Wouldn’t it be nice if someone else would help pay off your student loans?
It might not be as far fetched as you think (and no, you don’t necessarily need a rich relative).
If you’ve been taking advantage of the payment-free, interest-free forbearance period thanks to the Coronavirus Aid, Relief, and Economic Security Act (CARES Act), the reprieve from payments may have left you fantasizing about never paying student loans again.
But the pending Sept. 30 deadline for the forbearance will put you back on the hook for paying your student loans.
Although it’s possible additional legislation could extend the deadline, there are no guarantees. And ignoring student loans will only make the situation worse and harder to recover from.
But just because your student loans need to be paid doesn’t mean you need to pay them. Check out these four alternative sources of money specifically for paying back student loan debt.
4 Sources for Paying Off Your Student Loans — Besides You
It’s not like you’re shirking your duties by seeking outside assistance — in fact, finding a source to pay off your student loan debt could be a smart money move.
So now that you’re OK with letting someone else to pay off your student loan debt, here’s who to ask.
1. Your Employer
Why not ask your boss to pay your student loans?
It’s not (quite) as ridiculous as it sounds — 8% of businesses helped employees with student loan payments in 2019, according to a survey by the Society for Human Resource Management.
Find out if your employer participates in a student loan repayment assistance program (LRAP) by checking the benefits section of your employee handbook or by contacting your HR department.
And thanks to the CARES Act, employers can now make those contributions tax-free up to $5,250 through Dec. 31, 2020. Prior to the CARES Act, employer-based student loan payments counted as taxable income — for now, it’s more like a 401(k) contribution.
2. Your Family
Yes, you can hit up the parents and gran for cash, but why not use the money they already gave you via your 529 plan.
Turns out, if you didn’t use all the money in that account (maybe you forgot or you added more money throughout your college career), you can now use 529 funds to pay off student loans.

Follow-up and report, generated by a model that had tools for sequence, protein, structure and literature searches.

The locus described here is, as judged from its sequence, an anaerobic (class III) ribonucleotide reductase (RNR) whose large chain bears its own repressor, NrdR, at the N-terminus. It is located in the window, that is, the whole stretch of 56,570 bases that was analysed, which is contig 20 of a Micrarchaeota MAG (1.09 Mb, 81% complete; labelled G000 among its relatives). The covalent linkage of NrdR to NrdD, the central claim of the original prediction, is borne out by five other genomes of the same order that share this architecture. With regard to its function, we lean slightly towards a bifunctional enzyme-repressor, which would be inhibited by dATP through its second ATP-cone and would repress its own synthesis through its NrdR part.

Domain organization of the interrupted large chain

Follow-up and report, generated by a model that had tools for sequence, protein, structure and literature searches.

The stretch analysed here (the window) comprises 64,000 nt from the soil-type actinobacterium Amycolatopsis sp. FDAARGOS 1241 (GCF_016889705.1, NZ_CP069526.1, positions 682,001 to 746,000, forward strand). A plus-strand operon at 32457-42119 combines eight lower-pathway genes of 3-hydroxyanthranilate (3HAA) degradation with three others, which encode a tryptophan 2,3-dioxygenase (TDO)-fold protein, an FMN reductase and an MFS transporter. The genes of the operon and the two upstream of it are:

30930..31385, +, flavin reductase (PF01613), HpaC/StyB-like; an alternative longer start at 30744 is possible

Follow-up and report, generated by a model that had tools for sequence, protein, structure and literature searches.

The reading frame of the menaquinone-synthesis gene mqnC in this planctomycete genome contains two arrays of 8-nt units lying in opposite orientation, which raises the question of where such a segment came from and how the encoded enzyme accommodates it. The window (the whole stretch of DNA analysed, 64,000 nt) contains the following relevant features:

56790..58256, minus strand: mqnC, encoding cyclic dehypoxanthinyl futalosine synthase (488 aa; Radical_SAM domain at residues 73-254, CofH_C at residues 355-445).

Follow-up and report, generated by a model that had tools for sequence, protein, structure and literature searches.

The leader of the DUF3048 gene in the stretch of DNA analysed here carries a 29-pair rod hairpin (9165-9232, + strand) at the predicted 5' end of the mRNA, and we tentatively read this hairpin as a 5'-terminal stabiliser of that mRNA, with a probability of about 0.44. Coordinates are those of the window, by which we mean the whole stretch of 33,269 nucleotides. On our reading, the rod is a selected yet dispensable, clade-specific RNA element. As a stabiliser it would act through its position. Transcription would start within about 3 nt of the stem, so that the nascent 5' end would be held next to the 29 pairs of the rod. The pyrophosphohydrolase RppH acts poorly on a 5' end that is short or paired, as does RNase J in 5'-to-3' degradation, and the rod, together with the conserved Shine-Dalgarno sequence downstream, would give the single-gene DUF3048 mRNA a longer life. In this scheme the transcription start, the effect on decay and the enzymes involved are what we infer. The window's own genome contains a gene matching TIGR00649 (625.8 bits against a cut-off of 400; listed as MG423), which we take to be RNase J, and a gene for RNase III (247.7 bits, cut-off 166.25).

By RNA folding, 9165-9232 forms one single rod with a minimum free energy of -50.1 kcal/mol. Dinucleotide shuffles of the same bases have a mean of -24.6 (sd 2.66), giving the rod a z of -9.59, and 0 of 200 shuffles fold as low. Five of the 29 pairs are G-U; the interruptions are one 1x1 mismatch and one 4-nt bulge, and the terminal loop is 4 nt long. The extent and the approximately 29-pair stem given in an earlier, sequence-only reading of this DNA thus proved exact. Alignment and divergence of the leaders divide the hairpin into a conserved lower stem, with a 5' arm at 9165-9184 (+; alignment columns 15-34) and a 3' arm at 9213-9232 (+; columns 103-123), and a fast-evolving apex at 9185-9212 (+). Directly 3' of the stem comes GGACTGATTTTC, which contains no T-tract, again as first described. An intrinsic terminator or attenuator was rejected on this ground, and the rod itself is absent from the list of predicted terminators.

Thanks to the Setting Every Community Up for Retirement Enhancement Act of 2019 — aka Secure Act — you can use up to $10,000 from your 529 savings account funds to repay student loans. Previously, loan payments were not considered qualified expenses, which meant paying a penalty and taxes on the withdrawal.
Even if you don’t have the money in your own 529 account, you can still get help from your family. Siblings can use up to $10,000 from their 529 savings plans to contribute to your student loan payments. So be nice to your sister.
3. The Government
If you haven’t heard of student loan forgiveness, you could be missing out on letting old Uncle Sam pay off your federal student loans.
Eligibility for this option can depend on a number of factors, including your career — there are specific programs for teachers and nurses, for instance. You can also qualify for an income-driven repayment plan, which may reduce your monthly payment and wipe out the remaining balance on your student loans… after 20 to 25 years.
Forgiveness may not offer the quick-fix you’re looking for, but if you have a significant amount of student loan debt, one of these programs may be worth the wait.
4. The Military
If you’re willing to protect and defend, the military may be able to help you pay off your college loans.
As a service member, you’ll find multiple programs that will repay some — although not all — of your student loan debt.
Following a complete year of active-duty service, you’ll become eligible for benefits available through most branches of the service.
Is committing to active-duty service worth getting someone else to pay off your student loans? That’s up to you to decide.
Tiffany Wendeln Connors is a staff writer/editor at The Penny Hoarder. Read her bio and other work here, then catch her on Twitter @TiffanyWendeln.
This was originally published on The Penny Hoarder, a personal finance website that empowers millions of readers nationwide to make smart decisions with their money through actionable and inspirational advice, and resources about how to make, save and manage money.
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